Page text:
In an op-ed published in the Connecticut Post on Saturday, Gov. Ned Lamont appears to be backing down on his stance on truck-only tolling. Lamont explained that even if the truck-only toll gets passed the courts, the option would provide “too little revenue.”
After looking further into the toll option to fund infrastructure projects, Lamont said he has discovered that perhaps tolling only trucks is not such a good idea. Lamont shared this revelation in an op-ed he penned for the Connecticut Post published on Saturday, Feb. 16.
Lamont said he initially supported a truck-only toll like the one installed in Rhode Island as he was learning about the issue. The governor admitted that this would generate just enough to maintain infrastructure but not enough for upgrades. After getting advice from his attorneys, Lamont suggests a truck-only toll is likely not the most feasible idea.
“While we are awaiting a ruling from the courts regarding truck-only tolling, our attorneys are pretty certain that if permitted, the tolling could only be done on specific bridges and the generated revenue would be reserved for those bridges, not for congestion pricing,” Lamont explained. “Assuming our attorneys are correct, the truck-only option provides too little revenue, too slowly and too piecemeal to make a meaningful difference.”
Lamont campaigned on tolling only heavy vehicles, defeating his Republican opponent Bob Stefanowski by only 3.2 percentage points. Incumbent Gov. Dannel Malloy did not seek a third term.
“No Tolls CT doesn’t support tolling anyone,” said Patrick Sasser, head of the grassroots organization No Tolls CT, “but this is a stunning affront to the voters of this state. Lamont said numerous times that he would only support tolls on trucks and now that campaign promise looks like it will be broken.”
The backpedaling by Lamont is more in line with a report released by the Connecticut Department of Transportation in November. CTDOT’s reported proposed all-electronic tolls on all vehicle types, which could generate nearly $1 billion each year.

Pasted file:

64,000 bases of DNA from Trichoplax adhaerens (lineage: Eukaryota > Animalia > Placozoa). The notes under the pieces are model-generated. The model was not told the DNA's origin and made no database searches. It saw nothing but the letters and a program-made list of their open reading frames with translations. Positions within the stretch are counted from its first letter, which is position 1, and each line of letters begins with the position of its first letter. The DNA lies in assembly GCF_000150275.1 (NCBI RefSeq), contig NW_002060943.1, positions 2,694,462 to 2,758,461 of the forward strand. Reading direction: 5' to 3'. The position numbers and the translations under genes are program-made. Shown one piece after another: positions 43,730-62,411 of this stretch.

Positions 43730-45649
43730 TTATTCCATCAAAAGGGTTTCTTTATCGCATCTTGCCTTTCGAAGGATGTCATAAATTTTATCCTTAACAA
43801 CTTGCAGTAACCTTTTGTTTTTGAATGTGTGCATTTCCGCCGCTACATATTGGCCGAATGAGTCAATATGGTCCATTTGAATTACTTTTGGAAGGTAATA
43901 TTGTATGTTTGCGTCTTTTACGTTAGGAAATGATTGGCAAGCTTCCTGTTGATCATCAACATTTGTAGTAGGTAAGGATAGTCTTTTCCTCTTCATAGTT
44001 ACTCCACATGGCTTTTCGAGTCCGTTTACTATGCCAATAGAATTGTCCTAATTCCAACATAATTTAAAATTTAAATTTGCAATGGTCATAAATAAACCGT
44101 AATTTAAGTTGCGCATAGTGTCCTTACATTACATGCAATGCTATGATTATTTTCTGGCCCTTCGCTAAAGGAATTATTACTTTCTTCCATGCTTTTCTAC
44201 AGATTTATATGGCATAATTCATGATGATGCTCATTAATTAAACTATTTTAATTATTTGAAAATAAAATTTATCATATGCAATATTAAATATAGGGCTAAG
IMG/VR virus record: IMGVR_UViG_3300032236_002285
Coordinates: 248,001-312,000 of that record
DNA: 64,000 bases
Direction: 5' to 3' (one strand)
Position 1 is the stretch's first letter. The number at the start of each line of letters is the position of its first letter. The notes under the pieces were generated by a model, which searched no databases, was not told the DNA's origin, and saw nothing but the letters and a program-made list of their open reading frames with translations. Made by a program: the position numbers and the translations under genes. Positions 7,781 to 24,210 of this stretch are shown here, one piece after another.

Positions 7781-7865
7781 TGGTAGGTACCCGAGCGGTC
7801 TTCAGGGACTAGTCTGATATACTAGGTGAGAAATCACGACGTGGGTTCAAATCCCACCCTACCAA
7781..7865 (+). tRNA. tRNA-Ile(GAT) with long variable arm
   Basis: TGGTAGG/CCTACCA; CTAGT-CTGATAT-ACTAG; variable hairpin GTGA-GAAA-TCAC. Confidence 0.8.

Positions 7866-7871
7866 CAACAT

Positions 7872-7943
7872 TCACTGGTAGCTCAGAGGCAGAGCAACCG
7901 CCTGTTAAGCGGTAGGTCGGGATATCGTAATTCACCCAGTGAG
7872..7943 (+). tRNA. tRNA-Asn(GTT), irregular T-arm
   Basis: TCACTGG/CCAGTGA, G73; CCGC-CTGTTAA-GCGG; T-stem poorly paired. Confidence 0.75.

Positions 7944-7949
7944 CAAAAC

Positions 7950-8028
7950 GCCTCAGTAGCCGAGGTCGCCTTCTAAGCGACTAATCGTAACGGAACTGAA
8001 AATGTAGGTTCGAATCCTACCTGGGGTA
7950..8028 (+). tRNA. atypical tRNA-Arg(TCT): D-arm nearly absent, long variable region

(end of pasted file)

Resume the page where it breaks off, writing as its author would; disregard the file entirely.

If CTDOT’s report is adopted by lawmakers, trucks will be tolled four times the rate of passenger vehicles. Accounting for tolls on other vehicles, the CTDOT study calculates truck tolls at 17.6 cents per mile for Connecticut E-ZPass truckers and 25.2 cents for out-of-state E-ZPass users during off-peak hours. During peak hours, the rate increases to 22 cents per mile for Connecticut truckers and 31.6 cents for out-of-state E-ZPass truckers.
In his op-ed, Lamont said he would consider the option of a more inclusive toll only if the state “maximized the discount for Connecticut EZ-Pass users and/or offered a ‘frequent driver’ discount for those who are required to travel our major roadways on a frequent basis.”
Virginia considered a similar option before scrapping toll language in both the House and Senate bills altogether. Originally, Virginia lawmakers proposed a toll on all users. However, frequent users had the option of buying an “annual pass” for unlimited use of Interstate 81. After fierce opposition, Virginia lawmakers revised the bills that excluded any specific financing proposals. Instead, the revised bills are asking for more studies and input before deciding on a funding mechanism for I-81 improvements.
Lamont estimated that 50 percent of tolling revenue would come from out-of-state drivers. The governor also will consider an increase in the earned income tax credit or a reduction in the fuel tax to offset the costs of tolling on frequent users.
The Alliance for Toll-Free Interstates is opposed to any proposal that includes any kind of toll.
“The congestion pricing tolls proposed by Gov. Lamont will, by design, move more vehicles onto secondary roads and disrupt the lives of residents statewide,” ATFI spokeswoman Stephanie Kane told Land Line. “We urge the Connecticut General Assembly to reject tolls as a road funding option this legislative session. We need to make it easier for businesses to succeed, not harder.”
On Wednesday, Lamont will submit his budget that will include both options: a truck-only toll and a more inclusive toll of all vehicles.
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